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Re: Unexpected viewing with the ES 24mm 68° new [Re: kkokkolis]
      #5941138 - 06/26/13 09:59 AM

Quote:

Last summer I tried a friends ES68 24mm on my SW 12" f/4.9, 66mm WO f/6 ED and SV 50mm f/4 finder. I aslo had my Hyperion 24mm and a borrowed Panoptic 24 and Vixen LVW 24mm. I found the ES far better than the Hyperion, especially at f/4, and almost as good as the TV and Vixen. There were some seagulls but I thought it was much more transparent than the Pan (the sky was very dark, 1600 meters high).
The result was that I bought the eyepiece from the man who loaned it to me and sold the Hyperion. I found Hyperion's views brighter than those of the Panoptic but the Pan had the better edges. My general feel is that the ES was a very nice eyepiece and I needed to use it on a f/5 scope with 1.25". I can can see somewhat bloated stars at the edge but no seagulls.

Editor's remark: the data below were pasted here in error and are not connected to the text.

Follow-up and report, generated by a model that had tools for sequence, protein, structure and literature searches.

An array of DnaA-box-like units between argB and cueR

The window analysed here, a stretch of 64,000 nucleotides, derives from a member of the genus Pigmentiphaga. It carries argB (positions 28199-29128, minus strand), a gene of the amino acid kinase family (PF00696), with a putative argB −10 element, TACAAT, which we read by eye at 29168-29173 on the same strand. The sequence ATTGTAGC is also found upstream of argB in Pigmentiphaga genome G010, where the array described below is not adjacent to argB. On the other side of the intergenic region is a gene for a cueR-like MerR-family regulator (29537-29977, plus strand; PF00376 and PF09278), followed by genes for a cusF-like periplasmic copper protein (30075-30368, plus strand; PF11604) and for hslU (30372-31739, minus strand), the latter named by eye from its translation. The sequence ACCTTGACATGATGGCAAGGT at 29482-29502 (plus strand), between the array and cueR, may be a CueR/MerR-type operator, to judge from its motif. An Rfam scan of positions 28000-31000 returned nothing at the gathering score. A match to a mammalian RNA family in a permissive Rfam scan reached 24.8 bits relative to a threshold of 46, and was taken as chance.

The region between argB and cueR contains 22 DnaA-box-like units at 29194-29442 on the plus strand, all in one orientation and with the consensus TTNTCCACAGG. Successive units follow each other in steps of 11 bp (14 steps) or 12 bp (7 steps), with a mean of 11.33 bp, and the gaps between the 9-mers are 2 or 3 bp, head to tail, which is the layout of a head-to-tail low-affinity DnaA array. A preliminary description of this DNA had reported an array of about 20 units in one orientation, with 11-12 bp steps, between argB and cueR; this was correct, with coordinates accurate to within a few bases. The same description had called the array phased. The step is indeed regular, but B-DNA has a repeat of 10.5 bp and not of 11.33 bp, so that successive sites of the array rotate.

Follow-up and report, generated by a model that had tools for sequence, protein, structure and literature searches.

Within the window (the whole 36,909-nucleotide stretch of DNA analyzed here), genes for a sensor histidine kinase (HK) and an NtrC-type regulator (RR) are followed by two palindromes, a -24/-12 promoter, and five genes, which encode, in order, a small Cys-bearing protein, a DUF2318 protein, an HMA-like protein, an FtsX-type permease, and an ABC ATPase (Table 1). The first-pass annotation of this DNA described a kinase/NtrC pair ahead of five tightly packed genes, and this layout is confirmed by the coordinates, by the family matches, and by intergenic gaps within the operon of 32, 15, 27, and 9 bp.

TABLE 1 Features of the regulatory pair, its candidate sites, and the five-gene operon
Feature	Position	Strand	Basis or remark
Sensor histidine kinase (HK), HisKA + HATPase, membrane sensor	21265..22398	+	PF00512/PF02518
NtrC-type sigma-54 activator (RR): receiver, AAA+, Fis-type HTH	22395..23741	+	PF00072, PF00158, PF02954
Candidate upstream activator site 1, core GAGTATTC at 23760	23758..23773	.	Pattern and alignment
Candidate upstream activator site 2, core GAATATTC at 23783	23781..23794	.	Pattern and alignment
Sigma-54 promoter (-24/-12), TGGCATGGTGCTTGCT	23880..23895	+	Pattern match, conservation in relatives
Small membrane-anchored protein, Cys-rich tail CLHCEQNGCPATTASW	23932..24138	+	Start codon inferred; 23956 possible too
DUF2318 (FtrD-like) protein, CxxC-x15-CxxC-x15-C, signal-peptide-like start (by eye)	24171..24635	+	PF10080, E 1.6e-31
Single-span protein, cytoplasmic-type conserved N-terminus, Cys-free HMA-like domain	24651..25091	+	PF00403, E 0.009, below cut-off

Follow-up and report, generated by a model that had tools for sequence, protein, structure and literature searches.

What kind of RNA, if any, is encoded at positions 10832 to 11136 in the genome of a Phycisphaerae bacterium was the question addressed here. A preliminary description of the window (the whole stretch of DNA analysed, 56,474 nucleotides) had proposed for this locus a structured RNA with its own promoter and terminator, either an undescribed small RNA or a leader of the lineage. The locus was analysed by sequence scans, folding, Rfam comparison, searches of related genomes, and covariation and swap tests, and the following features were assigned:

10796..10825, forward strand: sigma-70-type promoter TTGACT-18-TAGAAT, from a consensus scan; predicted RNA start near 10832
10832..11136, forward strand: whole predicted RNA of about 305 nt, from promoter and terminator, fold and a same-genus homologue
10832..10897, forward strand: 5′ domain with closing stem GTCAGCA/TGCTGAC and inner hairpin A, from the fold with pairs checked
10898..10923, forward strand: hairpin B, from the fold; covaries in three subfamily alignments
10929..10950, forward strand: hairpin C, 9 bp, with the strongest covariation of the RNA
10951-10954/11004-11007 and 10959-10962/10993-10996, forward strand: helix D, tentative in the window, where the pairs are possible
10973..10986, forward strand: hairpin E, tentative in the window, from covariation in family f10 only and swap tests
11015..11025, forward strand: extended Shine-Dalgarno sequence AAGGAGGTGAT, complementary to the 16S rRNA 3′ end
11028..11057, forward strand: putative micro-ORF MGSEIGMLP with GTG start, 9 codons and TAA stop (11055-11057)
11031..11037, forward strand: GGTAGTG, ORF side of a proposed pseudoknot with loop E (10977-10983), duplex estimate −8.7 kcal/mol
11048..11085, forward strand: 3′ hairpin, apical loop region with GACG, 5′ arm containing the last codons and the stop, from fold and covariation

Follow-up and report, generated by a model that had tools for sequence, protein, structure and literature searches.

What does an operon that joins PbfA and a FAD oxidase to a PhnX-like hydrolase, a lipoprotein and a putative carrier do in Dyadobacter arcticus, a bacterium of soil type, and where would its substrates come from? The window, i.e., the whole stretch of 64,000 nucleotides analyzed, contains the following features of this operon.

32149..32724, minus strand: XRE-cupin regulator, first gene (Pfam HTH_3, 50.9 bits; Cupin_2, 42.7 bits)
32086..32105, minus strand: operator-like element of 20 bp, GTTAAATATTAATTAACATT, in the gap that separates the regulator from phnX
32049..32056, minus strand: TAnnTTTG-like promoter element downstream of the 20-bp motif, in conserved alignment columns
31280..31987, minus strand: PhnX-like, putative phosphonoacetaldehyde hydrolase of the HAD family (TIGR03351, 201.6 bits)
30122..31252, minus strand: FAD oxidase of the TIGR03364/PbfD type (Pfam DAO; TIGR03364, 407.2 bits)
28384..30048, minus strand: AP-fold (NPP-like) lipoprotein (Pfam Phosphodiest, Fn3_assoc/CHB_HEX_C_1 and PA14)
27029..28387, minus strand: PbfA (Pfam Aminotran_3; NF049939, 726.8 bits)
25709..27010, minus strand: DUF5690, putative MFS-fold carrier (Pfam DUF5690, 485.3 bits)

"Seagulls" would be from coma which is from the primary mirror, not the eyepiece. What the OP is talking about is field curvature. This occurs when you need to focus separately for on-axis and off-axis. If you focus for on-axis, off-axis will be fuzzy. If you focus for off-axis, on-axis will be fuzzy. This is not coma, not astigmatism, not spherical aberration, not etc. ... it is field curvature.

A Newtonian over about 1000mm focal length will have essentially zero field curvature. If you see FC when using an eyepiece in such a telescope, the FC will be from the eyepiece. BUT - and this is important but seems to be often forgotten or ignored or not known at all - some observers' eyes can compensate for the FC, while other observers' eyes cannot. Like many older folks, I cannot compensate for the FC. If FC is in the eyepiece, I will see it. Guaranteed.

So you have to keep in mind the variance in native FC coming from different types of telescopes, and the variance in the ability of different observers to compensate for FC when present in an eyepiece. Otherwise you can end up with opposing arguments over a misunderstanding.